The one reason this type of angled luffa can grow these enormous networks of vines is because the pipeline or main vine will simply keep getting fatter. Last year, the bigger of the 2 vines exceeded 1 inch in diameter by a bit, and this year, the fattest vine is already about 0.7 inches in diameter at the base, so this definitely gives them an advantage in producing almost an endless supply of energy. The only problem is that their root systems are so vast, and they end up drying out the entire garden unless I keep the sprinkler on the , especially when they start producing a lot of fruits. My bigger one produced around 250 fruits that were harvested at around 2ft by 2 inches in diameter, so with 7 plants this year, and doubling up my trellis, I will have lots of this stuff to share.

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 Post subject: Re: Edible perennials?
PostPosted: Sat Jul 20, 2013 1:53 am 
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About 2 weeks after snipping off the ends, the laterals have really come on strong with the longest one up to about 3ft long. Once they get too long, I may snip those ends so the laterals produce even more laterals. The foliage is getting thick enough to hide the pole now.

Here's the blackberry bush, starting to ripen its fruits now.
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 Post subject: Re: Edible perennials?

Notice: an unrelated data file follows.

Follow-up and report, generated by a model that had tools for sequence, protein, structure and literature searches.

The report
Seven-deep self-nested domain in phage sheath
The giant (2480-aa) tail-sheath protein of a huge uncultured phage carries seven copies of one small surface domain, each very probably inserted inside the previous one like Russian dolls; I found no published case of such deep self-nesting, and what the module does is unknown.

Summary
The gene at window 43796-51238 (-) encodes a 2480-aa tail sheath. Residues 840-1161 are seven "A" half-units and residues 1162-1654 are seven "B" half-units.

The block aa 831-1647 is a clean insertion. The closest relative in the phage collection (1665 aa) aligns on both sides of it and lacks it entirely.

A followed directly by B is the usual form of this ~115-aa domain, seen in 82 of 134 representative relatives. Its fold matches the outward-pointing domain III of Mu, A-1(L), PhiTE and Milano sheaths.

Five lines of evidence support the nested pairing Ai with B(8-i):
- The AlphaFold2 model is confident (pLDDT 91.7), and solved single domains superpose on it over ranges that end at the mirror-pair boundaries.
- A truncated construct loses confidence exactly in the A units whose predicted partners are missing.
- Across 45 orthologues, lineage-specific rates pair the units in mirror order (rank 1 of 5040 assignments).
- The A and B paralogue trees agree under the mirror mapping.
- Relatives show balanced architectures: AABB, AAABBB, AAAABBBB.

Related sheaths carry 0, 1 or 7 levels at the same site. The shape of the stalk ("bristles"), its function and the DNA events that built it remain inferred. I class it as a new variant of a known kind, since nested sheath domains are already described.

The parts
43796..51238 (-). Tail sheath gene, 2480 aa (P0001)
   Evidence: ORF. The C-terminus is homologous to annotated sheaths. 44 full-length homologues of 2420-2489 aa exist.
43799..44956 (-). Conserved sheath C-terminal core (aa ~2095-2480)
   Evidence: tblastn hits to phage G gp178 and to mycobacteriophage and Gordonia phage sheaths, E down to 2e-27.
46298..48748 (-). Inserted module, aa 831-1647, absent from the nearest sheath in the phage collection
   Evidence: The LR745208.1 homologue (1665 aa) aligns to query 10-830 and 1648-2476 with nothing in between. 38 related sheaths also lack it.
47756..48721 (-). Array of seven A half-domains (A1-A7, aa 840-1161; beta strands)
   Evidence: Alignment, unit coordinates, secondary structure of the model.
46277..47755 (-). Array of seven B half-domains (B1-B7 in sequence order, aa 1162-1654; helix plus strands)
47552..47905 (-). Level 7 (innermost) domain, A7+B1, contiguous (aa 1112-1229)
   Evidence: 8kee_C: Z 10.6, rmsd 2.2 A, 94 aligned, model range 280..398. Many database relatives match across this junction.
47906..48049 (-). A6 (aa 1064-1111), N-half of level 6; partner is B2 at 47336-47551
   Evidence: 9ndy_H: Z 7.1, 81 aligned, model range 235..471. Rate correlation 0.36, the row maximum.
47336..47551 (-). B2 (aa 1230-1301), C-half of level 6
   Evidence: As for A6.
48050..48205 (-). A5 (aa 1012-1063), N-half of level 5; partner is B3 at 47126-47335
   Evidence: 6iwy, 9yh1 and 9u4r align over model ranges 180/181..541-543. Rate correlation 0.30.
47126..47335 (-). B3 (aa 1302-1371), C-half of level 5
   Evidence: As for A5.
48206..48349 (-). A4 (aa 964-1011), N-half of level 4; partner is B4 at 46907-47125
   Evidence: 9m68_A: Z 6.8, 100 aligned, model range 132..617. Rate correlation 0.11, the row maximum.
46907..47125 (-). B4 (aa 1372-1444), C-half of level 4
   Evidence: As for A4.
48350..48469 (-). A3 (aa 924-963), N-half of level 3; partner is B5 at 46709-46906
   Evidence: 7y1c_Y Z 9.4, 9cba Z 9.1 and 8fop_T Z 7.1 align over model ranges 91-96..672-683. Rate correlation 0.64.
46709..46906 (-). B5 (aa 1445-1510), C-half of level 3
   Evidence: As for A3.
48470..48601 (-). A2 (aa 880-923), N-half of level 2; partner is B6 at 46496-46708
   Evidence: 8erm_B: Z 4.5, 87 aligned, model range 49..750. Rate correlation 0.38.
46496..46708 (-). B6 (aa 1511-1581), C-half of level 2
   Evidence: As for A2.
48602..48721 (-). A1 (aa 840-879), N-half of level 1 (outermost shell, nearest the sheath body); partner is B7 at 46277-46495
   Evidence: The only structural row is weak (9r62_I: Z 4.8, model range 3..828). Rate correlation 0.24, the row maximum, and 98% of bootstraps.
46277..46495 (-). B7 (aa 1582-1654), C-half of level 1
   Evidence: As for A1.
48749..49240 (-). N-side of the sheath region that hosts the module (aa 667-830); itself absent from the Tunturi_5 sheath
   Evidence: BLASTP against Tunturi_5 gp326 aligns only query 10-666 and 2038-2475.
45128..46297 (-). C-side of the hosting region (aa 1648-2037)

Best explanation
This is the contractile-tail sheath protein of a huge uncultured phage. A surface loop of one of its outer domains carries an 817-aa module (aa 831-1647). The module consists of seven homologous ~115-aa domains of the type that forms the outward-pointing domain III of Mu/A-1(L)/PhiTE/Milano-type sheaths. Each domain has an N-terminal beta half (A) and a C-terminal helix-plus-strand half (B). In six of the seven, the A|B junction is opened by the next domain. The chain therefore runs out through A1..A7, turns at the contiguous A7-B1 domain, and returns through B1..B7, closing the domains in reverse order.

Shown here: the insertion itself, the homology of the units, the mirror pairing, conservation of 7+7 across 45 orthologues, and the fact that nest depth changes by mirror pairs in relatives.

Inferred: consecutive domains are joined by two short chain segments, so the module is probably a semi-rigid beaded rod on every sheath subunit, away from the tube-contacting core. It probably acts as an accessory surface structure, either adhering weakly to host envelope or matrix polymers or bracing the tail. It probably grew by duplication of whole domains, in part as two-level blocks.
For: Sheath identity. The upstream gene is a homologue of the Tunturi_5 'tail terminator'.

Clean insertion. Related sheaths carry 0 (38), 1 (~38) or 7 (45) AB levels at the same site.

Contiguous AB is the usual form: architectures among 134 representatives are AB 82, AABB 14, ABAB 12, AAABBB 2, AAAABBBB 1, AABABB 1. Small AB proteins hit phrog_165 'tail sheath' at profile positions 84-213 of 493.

PostPosted: Sat Jul 20, 2013 11:36 am 
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dont be surprised if the laterals get almost, if not as big a the main cane! Looks great

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 Post subject: Re: Edible perennials?
PostPosted: Sat Jul 20, 2013 3:40 pm 
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Location: Midwest, USDA Z5 / AHS Heat Z5
stevelau1911 wrote:
I've also wondered about; How long do blackberry vines live for? I'm not sure if they produce on their 2nd year, and then die off the following year if if they continue to produce for a few years. Does anyone have any experience with this?


Blackberry canes only appear to last through one winter, including the varieties that flower in both the first and second year. Most varieties only flower and produce on the second year from canes that survived the winter.


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 Post subject: Re: Edible perennials?
PostPosted: Sat Jul 20, 2013 3:55 pm 
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Thanks.

If that is the case, it would make sure the clump gets divided every 4 years or so as there would be too many canes in one spot over time as the clump expands, and doesn't grow like a tree.

I'm finding that blueberry plants are much different. They also produce canes however their canes can last many years.

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 Post subject: Re: Edible perennials?
PostPosted: Sat Jul 20, 2013 5:13 pm 
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Water spinach is surprisingly easy to grow and fast growing given moist and fertile soil.
Most will even grow in waters, ponds. It tastes good no matter how you cook it.


Fresh Asian Penny Wort juice is very tasty. My penny worts all shriveled up and died over the winter indoor. I thought they were gonners, but apparently they have deposited hundreds of tiny seeds, and it's growing back nicely. But, to have sustainable harvest, I'll need at least 10X this amount.